One of the major functions of the law in business is protecting the rights of the parties. If one side to a contract doesn’t uphold their end of the bargain, contract law is there to provide a remedy to the side that did.
But what about when two parties agree to do something without forming a valid contract? Fortunately, the law covers this situation as well in the form of damages in quantum meruit.
What Is Quantum Meruit?
Quantum meruit is a latin phrase that literally means “the amount earned.” In the law, quantum meruit is a remedy available to a plaintiff who provides goods or services without a contract.
In most cases, the parties to a business transaction will agree to a contract covering the transaction. Consequently, the parties are bound to the terms and conditions expressly stated in the contract. If a party breaches the contract, then the other party can sue to obtain the appropriate remedy.
However, sometimes the contract is invalid or there is no contract at all. Quantum meruit is one way the law prevents the unjust enrichment of a non-paying party in these situations. This legal principle allows a plaintiff to recover damages “in quantum meruit” equal to the reasonable value of the services or materials provided, including interest and attorney fees.
For example, imagine that a property owner hires a builder to build a new warehouse. However, the parties do not form an express contract covering the project. When the new warehouse is complete, what happens if the property owner refuses to pay the builder? If the builder can prove the quantum meruit elements, then he can obtain compensation for the materials and service provided.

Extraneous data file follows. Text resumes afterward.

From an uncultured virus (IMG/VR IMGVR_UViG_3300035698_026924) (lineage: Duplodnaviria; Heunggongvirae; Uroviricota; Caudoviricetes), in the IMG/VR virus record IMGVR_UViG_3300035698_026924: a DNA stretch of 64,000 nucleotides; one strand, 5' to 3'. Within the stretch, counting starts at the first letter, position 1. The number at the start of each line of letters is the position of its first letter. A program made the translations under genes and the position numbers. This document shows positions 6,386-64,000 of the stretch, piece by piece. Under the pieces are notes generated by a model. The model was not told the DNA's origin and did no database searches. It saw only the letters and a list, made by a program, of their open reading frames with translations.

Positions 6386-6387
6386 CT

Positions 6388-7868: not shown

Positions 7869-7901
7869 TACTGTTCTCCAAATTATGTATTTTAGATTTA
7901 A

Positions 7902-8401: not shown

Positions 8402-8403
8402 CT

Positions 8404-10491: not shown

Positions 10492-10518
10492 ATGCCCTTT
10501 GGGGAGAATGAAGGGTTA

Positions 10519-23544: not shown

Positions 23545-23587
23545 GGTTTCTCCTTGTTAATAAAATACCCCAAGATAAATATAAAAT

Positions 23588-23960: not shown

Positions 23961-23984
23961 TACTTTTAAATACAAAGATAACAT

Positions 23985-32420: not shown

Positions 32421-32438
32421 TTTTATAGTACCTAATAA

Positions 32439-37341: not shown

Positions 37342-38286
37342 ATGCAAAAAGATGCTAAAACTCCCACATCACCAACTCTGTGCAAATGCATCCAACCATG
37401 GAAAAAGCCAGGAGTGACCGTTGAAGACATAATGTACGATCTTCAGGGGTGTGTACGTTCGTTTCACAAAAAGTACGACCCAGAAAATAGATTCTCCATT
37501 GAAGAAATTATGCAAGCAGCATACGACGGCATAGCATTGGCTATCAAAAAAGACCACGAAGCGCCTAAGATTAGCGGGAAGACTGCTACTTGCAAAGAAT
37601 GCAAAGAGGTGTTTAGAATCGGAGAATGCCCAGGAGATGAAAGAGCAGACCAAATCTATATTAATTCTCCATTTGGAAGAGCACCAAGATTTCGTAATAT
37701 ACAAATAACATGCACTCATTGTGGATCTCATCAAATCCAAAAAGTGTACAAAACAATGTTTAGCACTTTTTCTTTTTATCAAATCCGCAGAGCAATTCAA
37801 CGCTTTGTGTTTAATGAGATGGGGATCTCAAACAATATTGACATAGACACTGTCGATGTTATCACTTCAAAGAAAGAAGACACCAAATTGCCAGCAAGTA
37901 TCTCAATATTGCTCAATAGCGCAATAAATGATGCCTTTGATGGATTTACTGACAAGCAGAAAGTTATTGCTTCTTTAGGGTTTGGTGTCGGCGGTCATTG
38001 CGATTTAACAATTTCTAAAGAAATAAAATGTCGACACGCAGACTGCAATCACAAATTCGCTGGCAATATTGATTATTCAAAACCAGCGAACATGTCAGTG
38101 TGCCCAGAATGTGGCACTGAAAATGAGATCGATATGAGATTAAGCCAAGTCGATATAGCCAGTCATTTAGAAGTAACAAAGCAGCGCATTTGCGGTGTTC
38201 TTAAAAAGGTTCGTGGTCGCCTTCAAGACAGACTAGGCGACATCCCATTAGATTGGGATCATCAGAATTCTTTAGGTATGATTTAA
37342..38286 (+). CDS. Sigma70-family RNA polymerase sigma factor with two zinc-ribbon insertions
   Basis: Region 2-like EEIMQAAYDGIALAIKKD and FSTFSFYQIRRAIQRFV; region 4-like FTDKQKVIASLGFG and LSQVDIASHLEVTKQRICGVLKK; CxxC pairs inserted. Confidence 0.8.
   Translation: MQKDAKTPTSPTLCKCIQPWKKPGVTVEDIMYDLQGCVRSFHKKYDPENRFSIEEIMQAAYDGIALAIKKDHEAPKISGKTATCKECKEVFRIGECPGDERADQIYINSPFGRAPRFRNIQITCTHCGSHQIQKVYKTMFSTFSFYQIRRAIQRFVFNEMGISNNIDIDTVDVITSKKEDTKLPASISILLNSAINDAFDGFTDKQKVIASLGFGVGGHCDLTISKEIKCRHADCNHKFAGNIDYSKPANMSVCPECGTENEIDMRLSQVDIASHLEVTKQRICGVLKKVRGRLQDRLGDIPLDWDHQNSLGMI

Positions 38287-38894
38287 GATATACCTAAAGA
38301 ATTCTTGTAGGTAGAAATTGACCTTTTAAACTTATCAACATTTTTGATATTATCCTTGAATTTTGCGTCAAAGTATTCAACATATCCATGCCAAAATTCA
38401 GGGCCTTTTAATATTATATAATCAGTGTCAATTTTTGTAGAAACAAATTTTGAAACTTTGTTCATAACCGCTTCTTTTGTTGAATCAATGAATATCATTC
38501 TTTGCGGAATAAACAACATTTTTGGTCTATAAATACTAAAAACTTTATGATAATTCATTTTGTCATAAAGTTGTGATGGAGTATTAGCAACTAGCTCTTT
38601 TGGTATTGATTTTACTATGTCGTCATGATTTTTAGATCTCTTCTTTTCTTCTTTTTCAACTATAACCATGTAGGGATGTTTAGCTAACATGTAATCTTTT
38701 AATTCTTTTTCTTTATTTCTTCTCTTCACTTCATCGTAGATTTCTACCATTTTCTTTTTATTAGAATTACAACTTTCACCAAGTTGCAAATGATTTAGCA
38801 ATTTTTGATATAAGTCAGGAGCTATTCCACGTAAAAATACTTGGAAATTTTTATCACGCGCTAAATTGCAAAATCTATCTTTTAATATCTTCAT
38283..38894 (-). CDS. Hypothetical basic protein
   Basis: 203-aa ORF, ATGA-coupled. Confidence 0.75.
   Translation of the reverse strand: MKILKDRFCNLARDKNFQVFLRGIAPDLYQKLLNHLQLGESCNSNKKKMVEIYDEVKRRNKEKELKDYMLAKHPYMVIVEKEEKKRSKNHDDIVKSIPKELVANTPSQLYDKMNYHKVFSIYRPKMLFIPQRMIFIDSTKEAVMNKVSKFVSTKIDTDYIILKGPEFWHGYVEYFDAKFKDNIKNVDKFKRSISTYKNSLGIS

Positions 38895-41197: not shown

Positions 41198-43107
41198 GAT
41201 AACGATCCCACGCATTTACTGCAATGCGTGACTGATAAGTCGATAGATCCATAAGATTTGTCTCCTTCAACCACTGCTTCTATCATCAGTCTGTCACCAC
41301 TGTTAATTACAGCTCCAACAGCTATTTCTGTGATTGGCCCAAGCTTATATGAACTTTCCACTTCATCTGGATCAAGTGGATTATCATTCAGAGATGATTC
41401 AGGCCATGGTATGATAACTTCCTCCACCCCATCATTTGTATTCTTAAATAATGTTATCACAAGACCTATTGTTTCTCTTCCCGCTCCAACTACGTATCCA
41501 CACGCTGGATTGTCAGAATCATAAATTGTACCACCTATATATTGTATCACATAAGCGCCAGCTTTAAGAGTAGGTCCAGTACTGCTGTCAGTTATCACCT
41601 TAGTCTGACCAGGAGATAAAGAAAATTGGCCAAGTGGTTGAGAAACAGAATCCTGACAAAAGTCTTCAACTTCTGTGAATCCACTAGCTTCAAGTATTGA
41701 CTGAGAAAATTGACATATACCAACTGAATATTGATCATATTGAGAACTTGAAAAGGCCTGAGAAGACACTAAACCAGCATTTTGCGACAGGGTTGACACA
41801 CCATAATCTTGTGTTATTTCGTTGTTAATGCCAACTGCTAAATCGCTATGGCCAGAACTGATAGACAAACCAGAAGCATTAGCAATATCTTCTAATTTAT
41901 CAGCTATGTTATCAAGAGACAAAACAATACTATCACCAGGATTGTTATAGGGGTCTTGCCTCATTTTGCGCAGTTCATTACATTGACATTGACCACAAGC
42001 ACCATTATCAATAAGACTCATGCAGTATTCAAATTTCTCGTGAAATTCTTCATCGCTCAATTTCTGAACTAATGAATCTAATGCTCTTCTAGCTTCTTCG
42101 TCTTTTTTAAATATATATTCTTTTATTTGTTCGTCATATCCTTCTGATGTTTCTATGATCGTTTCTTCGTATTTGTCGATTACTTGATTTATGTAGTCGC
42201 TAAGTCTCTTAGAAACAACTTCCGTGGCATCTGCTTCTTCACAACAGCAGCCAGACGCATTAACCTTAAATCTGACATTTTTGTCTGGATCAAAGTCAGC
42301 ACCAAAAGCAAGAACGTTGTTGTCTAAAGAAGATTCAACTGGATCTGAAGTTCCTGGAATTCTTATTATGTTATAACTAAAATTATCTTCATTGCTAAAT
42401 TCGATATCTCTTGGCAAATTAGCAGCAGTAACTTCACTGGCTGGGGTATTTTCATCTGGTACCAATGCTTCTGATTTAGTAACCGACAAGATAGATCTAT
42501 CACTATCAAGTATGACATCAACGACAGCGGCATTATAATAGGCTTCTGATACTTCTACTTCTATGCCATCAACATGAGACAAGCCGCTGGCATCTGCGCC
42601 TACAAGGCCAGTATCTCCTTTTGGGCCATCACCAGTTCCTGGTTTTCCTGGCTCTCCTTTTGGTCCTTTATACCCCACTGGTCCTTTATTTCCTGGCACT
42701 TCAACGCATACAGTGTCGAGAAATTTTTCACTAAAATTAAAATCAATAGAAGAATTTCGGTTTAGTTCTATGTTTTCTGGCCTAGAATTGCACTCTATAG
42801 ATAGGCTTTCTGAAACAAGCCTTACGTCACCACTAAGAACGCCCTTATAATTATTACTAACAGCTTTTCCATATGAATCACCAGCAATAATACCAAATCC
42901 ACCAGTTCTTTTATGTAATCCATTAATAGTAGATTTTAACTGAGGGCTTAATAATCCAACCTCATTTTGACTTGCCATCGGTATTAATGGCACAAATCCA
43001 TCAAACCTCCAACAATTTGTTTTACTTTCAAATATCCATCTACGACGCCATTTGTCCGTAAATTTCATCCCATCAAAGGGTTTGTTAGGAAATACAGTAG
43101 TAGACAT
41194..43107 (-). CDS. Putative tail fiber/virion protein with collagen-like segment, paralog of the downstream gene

Elements of a Quantum Meruit Claim in Texas
To receive damages in quantum meruit, a plaintiff must prove that:
- The plaintiff provided a valuable service or materials;
- The services or materials were provided for the defendant;
- The defendant accepted the services or materials; and
- The defendant had reasonable notice of the plaintiff’s expectation of payment for the services or materials.
In Texas, quantum meruit is available only if there is no express contract covering the services or materials. However, in cases where a contract does exist, quantum meruit can still be used as an alternative if the validity of that existing contract is called into question.
In the example above, there was no contract between the parties. Additionally, the builder meets all four quantum meruit elements: the builder provided construction services and materials for the property owner; the property owner accepted them; and the property owner had reasonable notice that the builder expected payment for the construction. As a result, quantum meruit allows the builder to obtain reasonable payment for the construction of the new warehouse.
Do I Have a Quantum Meruit Claim?
Our builder example simplifies the concept to make it clear, but in practice, quantum meruit cases are rarely as clear. Whether you have a quantum meruit claim ultimately depends on whether your case satisfies the quantum meruit elements.
Our firm has more than 10 years of experience handling business disputes, and we can assess your case and advise you on your possible remedies. If you provided goods or services with an invalid contract or with no contract, we may be able to help you recover damages in quantum meruit.
Contact a Texas Business Law Attorney
The Curley Law Firm provides a wide range of litigation and business law services to Texas businesses. If you’ve provided services and the other party won’t pay, we can help. Contact us today for a free consultation.